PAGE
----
Third International Conference on the Teaching of Psychology
Kevin J. Payne,
Andrew T. Johnson,&
Brian J. Cowley,
Park University,
Parkville, USA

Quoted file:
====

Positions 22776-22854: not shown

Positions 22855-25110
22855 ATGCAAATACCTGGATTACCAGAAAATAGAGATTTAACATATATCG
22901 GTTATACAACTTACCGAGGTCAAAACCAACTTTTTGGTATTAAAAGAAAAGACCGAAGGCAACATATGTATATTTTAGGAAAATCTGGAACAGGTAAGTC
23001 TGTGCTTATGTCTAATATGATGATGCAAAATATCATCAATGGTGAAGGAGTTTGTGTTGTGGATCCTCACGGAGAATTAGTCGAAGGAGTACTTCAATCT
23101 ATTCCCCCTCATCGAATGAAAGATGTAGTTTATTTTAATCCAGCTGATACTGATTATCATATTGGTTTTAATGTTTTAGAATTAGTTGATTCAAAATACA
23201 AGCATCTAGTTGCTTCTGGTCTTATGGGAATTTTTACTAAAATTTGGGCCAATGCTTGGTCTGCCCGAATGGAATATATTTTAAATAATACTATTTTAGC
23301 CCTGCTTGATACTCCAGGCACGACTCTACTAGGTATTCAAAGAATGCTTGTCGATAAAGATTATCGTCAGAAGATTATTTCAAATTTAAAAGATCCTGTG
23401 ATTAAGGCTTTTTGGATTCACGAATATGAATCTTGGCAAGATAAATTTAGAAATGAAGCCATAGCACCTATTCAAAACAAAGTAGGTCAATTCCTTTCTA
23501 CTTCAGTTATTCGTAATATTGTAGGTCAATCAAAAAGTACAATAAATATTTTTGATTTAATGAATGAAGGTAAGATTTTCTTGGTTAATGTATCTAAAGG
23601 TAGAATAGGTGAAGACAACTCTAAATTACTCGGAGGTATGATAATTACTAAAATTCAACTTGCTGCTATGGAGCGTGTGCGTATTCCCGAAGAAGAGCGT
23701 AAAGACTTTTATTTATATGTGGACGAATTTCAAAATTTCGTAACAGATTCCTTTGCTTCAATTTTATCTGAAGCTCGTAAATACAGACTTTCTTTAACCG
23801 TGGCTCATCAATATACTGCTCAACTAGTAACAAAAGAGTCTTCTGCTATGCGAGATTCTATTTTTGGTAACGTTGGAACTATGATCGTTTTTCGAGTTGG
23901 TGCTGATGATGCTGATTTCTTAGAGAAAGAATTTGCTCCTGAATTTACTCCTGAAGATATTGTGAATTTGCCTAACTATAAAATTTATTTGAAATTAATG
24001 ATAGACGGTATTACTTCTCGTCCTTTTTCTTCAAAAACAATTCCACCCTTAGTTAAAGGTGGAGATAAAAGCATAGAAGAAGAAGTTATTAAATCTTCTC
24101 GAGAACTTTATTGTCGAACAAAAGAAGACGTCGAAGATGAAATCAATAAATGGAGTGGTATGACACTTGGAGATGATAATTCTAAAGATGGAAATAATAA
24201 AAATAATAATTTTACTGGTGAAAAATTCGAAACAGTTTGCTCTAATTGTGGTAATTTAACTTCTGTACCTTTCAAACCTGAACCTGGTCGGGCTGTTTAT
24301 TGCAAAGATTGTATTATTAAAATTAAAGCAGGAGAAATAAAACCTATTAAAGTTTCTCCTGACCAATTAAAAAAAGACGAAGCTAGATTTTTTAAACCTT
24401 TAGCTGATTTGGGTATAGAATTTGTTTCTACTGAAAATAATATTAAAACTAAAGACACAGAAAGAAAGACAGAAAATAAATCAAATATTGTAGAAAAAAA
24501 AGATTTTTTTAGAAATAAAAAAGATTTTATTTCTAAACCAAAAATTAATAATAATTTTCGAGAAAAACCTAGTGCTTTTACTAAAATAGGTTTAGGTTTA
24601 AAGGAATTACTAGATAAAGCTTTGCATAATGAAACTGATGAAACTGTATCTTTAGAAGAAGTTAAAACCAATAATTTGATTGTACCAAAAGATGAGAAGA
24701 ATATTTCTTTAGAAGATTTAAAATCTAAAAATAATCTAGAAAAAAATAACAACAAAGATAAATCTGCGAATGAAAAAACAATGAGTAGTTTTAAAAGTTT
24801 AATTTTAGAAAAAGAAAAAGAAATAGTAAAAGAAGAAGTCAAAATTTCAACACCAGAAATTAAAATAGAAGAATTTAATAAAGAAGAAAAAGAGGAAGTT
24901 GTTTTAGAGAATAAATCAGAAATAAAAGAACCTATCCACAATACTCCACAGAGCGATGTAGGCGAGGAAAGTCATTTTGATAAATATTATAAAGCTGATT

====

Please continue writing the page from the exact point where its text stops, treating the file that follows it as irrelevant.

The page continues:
In 2006-7, our BS in Social Psychology underwent the biggest curriculum revision since 1972. Our revised curriculum emphasizes technical skills in social psychology and instituted a series of comprehensive exit examinations. But our social psychology program also currently serves 3,285 majors in 43 campus centers across the United States and online, and it is difficult to allocate enough faculty to attend to this volume of highly distributed students passing through our comprehensive examination system. Therefore, we decided to employ an artificially intelligent expert system at two crucial points in our student assessment: (1) to provide formative evaluation for student research proposals in their final required methodology course, and (2) to grade the essay portion of their comprehensive exit examinations. As part of their SO308 Principles of Social Research course, students must write a detailed proposal for a real research project (students often subsequently conduct their research as Senior Projects, projects for their work, or as the basis for Master’s Theses). But critiquing research proposals is a time consuming and specialized process. Likewise, grading 400 sets of essay answers each year for our comprehensive exit examination is also labor intensive. We were also concerned to provide absolute and consistent standards in the assessment of these crucial student products. Therefore, we decided to become the first major adopter of a new expert system designed to evaluate and provide detailed feedback on natural language texts (SAGrader from IdeaWorks). Unlike other essay grading software, SAGrader works by comparing student writing to semantic network maps created by content experts. It detects whether students present their concepts in the proper logical relation, detects whether they have included the necessary related concepts and their correct connections, or included material that is not applicable to their topic. In the methodology course, students have access to SAGrader for the entire term and are encouraged to submit multiple drafts of their proposals for instant feedback and improvement. Students who use this system earn an average score 1.5 to 2 letter grades higher than those who do not (their final proposal is submitted to the course instructor for grading). As part of our comprehensive exit examination system, SAGrader allows us to construct exams on the fly from pre-established pools of essay questions covering basic psychological, sociological, and technical concepts and their applications. The SAGrader system includes a “challenge” process through which students may question SAGrader’s assessment of their work. At this point, their submission is flagged and a human content expert evaluates their claim. If it is upheld, the content expert adjusts the relevant concept map, all outstanding essays are automatically re-assessed, and new feedback is generated. Each challenge serves to improve the expert system’s subsequent assessments. Incorporating this system into our assessment scheme has resulted in improving our ability to provide consistent, detailed, and effective feedback for our students while simultaneously reducing workload so that our faculty can focus more on interacting with our students.

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